Prior to Departure

Ask yourself if your pet will be able to accompany you on your trip with relative ease? Will they be pleased to do so? Some animals don’t like to travel and are much suited to staying at home or in a boarding facility.

Pets may become homesick or be prone to motion sickness, which could potentially ruin your trip. In such cases, it is best to leave your pet at home in the care of a pet sitter or trusted friend/family member. Similarly, you could leave your pet at a boarding facility.

Prepare in Advance

If you are planning to take your pet on a trip with you, plan and prepare carefully. If you will travel by a plane or boat, acquire all necessary information regarding reservations and transportation for your pet. If you are residing in a lodge, motel or caravan park, check first to see if they are pet friendly. Similarly, if you are planning to stay with a friend or relative, check with them first to ensure that it is okay to bring your pet.

Air Travel

  • Check with the airline you wish to fly, before booking tickets, to ensure your pet can travel with you.
  • Check with the airline regarding pet carriers and crates that must be used.
  • Book the flight with minimum stops. Direct flights are best.
  • Arrive at the airport each airport in plenty of time, ensure your pet is comfortably in the carrier/crate and retrieve them immediately after landing at your destination.
  • You can also contact a pet transport company to provide door to door service for transporting pets.

Road Trips

  • If you plan to take your pet on a road trip, but they are not used to travelling in a car, prepare them with some short trips in the lead up to departure. Get them used to the car and the carrier.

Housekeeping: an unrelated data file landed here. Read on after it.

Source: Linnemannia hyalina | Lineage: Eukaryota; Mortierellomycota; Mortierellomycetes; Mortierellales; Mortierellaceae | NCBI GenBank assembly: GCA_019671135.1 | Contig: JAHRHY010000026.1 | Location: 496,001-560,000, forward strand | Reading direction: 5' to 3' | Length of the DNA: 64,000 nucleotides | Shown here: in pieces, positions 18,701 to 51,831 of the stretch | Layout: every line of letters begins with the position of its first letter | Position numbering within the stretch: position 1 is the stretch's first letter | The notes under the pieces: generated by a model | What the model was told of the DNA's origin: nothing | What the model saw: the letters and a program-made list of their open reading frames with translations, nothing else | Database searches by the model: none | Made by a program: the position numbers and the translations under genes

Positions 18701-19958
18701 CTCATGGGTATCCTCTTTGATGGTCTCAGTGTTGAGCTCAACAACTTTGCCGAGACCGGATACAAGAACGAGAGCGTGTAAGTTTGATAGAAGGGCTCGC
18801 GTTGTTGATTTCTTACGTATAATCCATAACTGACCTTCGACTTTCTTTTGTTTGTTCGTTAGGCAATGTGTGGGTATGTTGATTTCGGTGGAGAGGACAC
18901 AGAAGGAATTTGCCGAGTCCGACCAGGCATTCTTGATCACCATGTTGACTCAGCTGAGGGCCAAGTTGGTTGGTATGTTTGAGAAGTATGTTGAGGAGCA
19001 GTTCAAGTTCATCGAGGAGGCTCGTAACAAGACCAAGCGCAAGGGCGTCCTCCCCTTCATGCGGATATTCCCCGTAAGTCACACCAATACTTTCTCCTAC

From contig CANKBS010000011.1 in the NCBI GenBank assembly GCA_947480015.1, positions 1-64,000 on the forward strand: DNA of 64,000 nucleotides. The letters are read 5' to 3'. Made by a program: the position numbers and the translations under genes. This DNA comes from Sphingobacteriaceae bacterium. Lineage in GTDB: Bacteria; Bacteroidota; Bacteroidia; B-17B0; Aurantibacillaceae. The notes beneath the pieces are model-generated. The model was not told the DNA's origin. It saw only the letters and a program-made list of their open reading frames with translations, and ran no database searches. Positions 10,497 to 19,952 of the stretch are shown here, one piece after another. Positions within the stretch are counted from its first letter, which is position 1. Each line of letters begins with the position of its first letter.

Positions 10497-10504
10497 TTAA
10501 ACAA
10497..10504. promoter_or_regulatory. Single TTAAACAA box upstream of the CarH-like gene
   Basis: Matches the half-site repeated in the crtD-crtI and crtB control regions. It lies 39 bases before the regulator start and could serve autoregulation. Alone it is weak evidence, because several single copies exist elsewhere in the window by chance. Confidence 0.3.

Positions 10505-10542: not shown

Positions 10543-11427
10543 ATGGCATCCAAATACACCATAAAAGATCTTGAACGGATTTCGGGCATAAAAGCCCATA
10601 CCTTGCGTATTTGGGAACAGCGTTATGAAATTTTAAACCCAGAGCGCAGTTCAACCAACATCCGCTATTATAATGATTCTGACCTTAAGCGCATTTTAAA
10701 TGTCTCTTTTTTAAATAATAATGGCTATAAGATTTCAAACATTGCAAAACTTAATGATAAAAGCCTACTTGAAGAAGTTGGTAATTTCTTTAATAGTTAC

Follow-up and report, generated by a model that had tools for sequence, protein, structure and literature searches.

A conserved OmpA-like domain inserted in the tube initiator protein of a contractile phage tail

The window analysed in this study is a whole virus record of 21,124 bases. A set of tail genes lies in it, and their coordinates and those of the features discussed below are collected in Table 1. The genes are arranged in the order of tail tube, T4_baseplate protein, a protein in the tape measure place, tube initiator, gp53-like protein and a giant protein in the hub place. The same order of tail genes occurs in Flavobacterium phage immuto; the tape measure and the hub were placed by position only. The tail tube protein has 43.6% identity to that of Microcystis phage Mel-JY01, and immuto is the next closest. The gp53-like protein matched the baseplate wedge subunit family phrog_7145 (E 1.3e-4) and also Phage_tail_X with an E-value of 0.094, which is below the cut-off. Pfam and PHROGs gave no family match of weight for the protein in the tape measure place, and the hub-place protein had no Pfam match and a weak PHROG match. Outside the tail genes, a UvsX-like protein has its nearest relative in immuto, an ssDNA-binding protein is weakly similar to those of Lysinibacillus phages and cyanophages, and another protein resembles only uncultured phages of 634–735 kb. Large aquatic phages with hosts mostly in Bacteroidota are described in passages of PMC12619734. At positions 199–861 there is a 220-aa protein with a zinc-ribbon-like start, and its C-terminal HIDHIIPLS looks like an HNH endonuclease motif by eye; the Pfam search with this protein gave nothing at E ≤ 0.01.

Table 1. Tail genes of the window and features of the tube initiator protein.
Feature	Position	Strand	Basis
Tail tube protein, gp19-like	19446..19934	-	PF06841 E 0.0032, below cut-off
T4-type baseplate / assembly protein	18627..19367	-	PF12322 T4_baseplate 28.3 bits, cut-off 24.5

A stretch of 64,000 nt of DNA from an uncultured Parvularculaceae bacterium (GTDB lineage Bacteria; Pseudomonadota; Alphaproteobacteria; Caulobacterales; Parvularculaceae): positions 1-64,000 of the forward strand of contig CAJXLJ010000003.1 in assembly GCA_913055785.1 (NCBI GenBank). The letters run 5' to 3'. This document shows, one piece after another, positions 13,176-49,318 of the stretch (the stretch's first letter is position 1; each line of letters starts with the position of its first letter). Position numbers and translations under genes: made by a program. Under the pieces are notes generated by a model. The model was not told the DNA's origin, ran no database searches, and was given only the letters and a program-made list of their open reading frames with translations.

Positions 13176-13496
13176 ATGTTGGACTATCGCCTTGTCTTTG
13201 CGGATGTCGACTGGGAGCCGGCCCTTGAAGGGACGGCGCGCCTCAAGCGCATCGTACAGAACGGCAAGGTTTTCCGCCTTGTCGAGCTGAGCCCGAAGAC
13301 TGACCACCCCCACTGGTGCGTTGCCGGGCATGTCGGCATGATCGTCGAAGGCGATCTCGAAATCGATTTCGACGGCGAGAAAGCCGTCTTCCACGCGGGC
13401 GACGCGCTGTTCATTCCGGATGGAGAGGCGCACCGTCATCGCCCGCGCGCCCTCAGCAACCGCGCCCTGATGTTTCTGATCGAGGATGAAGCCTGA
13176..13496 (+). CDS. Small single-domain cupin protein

• Do not allow the pet to hang their heads outside an open car window during drive, as dirt and grit can cause injury or infections, and the cold air when inhaled may cause sickness.
  • Dogs riding at the back of car must be caged or chained with a locked neck collar. The lead must be securely fastened to the middle of the vehicle. The chain should be long enough to allow the dog lie down easily, stand up and move around, but it should not be too long that it allows dog to jump over and climb the cabin or dashboard of the car.
  • Take regular breaks after every 2 hours during a long journey to rest, eat and relax.
  • Feed your dog at the end of the day. It is easy to carry dry food during travel, but if your pet is on canned food, feed this and dispose of any unused portions if not refrigerated.
  • Never leave your pet unattended in parked car for a long period of time. If there is no alternative and you have to leave the pet in car, lock the doors properly and open windows slightly for ventilation. The windows should not be open enough to allow the animal to jump out or get their head stuck. Be cautious – it is not safe to leave your pet in a parked car on hot days as the temperature can become considerably high within no time and your pet can easily die from heat stroke.

Sea Travel

  • Some ships and cruises welcome pets for travel. Check with your cruise line or ask your travel agent before booking, if you do wish to take your pet with you. Only a select few cruise lines are pet friendly.

Good Advice for All Trips

  • Make sure your pet is always collared with his identification information and registration tag. Micro chipping is essential.
  • Always carry your pet’s favourite toys, foodstuff, dishes, water and a leash.
  • Plan a visit to veterinarian before leaving on a long journey for general check up and to ensure vaccinations are up to date.
  • If you are placing the pet in crate or carrier, than make sure it is large enough to allow free movement. It must be tough, and have a proper built-in place for food and water. It should also allow ventilation with a leak proof base and it must have a lock mechanism.
  • If you are moving overseas, then consult Australian Quarantine and Inspection Service (AQIS) or your veterinarian because health and vaccination regulations vary from place to place.